Sunday, February 10, 2013

Recycled Mini Food (DIY)

My love for gluing things together blossomed when I was very young.  
In kindergarten, I spent many late nights working feverishly at my Little Tikes kitchen with scissors, glue, and whatever material I could get my tiny hands on.  To my parent's dismay, every cut-able item within reach became a potential craft supply.  They frantically hid anything of value while I went to town on catalogs, cardboard boxes, socks missing their mates, and whatever else I could find.  I'm all grown up now, but nothing has changed.

Slicing apart the junk mail to make tiny doll house sized food was one of my favorite past times (along with mixing condiments together from the fridge, using bobby pins to pick locks, and drawing on my bedroom walls).  Again...nothing has changed.  The food I made never looked this nice because I didn't have colored permanent markers, an X-Acto knife, or very good motor skills at the time.  
You will need:
junk mail with pictures of food in it
foam core board
X-Acto knife
glue stick
colored permanent markers
metal ruler

In the ads, find images of boxed food.  
Look for boxes of chocolate, cereal, cookies, pizzas, and anything else that comes in a flat box.  Leaving a little excess paper around the edges, cut the images out and glue them to the foam core board.  Corrugated cardboard may be used in place of the foam core.  Its easier to cut, but your boxes will not have the clean, flat edges to work with (as a kid, I never cared about that).
To cut them out, I recommend using an X-Acto knife and a metal ruler.
Place the ruler over the food image and cut around it.  Because the paper can snag and tear, you'll want the image protected under the ruler as you cut.  Sadly, I learned this lesson the hard way by tearing a very promising little package of Oreos.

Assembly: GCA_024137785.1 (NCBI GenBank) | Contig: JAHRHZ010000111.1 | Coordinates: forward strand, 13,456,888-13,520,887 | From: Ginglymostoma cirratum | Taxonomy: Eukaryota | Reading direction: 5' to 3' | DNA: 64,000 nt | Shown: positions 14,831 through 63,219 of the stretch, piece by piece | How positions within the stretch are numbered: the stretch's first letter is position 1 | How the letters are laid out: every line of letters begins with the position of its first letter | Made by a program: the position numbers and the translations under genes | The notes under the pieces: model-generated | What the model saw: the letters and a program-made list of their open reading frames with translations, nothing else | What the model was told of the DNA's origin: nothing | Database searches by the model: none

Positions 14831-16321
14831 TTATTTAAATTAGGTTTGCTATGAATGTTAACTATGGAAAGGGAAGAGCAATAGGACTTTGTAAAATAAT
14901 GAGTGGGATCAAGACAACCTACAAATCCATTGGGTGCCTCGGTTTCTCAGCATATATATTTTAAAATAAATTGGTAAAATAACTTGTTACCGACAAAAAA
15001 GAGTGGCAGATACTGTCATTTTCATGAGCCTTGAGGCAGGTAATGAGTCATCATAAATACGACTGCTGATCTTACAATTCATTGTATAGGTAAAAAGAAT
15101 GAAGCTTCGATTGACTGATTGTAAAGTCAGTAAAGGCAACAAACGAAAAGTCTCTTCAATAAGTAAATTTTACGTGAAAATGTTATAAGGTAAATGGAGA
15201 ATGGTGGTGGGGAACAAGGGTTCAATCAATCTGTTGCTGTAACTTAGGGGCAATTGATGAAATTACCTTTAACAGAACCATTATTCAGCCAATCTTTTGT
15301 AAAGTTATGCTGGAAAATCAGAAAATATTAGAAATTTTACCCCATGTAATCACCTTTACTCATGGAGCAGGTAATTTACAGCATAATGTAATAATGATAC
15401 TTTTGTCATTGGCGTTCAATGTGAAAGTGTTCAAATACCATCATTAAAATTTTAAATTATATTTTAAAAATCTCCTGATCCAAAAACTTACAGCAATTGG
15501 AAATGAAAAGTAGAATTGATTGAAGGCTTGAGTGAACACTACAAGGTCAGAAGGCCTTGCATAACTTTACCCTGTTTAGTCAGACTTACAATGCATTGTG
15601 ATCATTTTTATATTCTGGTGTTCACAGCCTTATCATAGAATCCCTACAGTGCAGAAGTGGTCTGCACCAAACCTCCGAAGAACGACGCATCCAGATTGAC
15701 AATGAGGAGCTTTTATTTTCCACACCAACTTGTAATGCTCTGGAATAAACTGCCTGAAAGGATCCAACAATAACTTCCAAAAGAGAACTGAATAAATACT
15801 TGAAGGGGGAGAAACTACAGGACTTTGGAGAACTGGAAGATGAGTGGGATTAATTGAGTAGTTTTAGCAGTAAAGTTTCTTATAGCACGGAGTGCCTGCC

With your colored permanent markers, carefully color the sides of your box to match the front.  Beware of coloring near the edges of the image, the ink can bleed into the paper.
If your dollhouse has a cleaning supply closet, the food images could be swapped for boxed laundry detergent, dryer sheets, Kleenex, or packs of paper towels.
Totally Tutorials Blog
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  1. How come tiny things are so much cuter? Love these!

  2. Love this! I shared this with my followers on my blog miniaturemavendiaries! They will love it too I'm sure! Thanks for sharing!

  3. What a great idea! I'm going to try it.
    Thanks for the tutorial.
    Hugs, Drora

  4. What an absolutely darling idea!!!

  5. Hey girl, guess what I came across in my blog reader today...
    I thought, "hey, I know her!" haha.

  6. Wow fantastic idea thank you for sharing.
    Hugs Maria

  7. That's ingenious! And oh-so-adorable!

  8. Great idea. I think that crafts foam would work also. While cutting out those little items, save the section with fruit and veggies, punch out mini leaves for fall decorating.

  9. Wow! This brought back some memories! I use to do this for my Barbies back when she just came with what she was wearing. Nowadays instead of using your imagination you can just buy all the pieces and parts.

  10. I've used that whitmans sampler image myself!

  11. OMG! It is so nice to know that I was not an odd child! lol I use to do this too! I made paper dolls out of magazines and even built a Barbie grocery store out of card board boxes and other small bits of cardboard and styro foam! And I STILL do!
    Just a note for anyone reading this post, corrugated cardboard does not work well with this project, eventually the the holes in the one side will cause sinking. But with todays craft supplies Im thinking washi tape would work well for covering the edges!
    Thanks for the post, this was great!

    1. Thanks for the tip! I love that you did this, too! We were the original up-cyclers. :)

  12. Good post! About the waste Styrofoam, our company INTCO also has many machines to deal with it. Our company has compactor, melter, dewatering machine, and crusher which all can deal with it. Here is our website:

  13. perfect idea! they also work for littlest pet shop.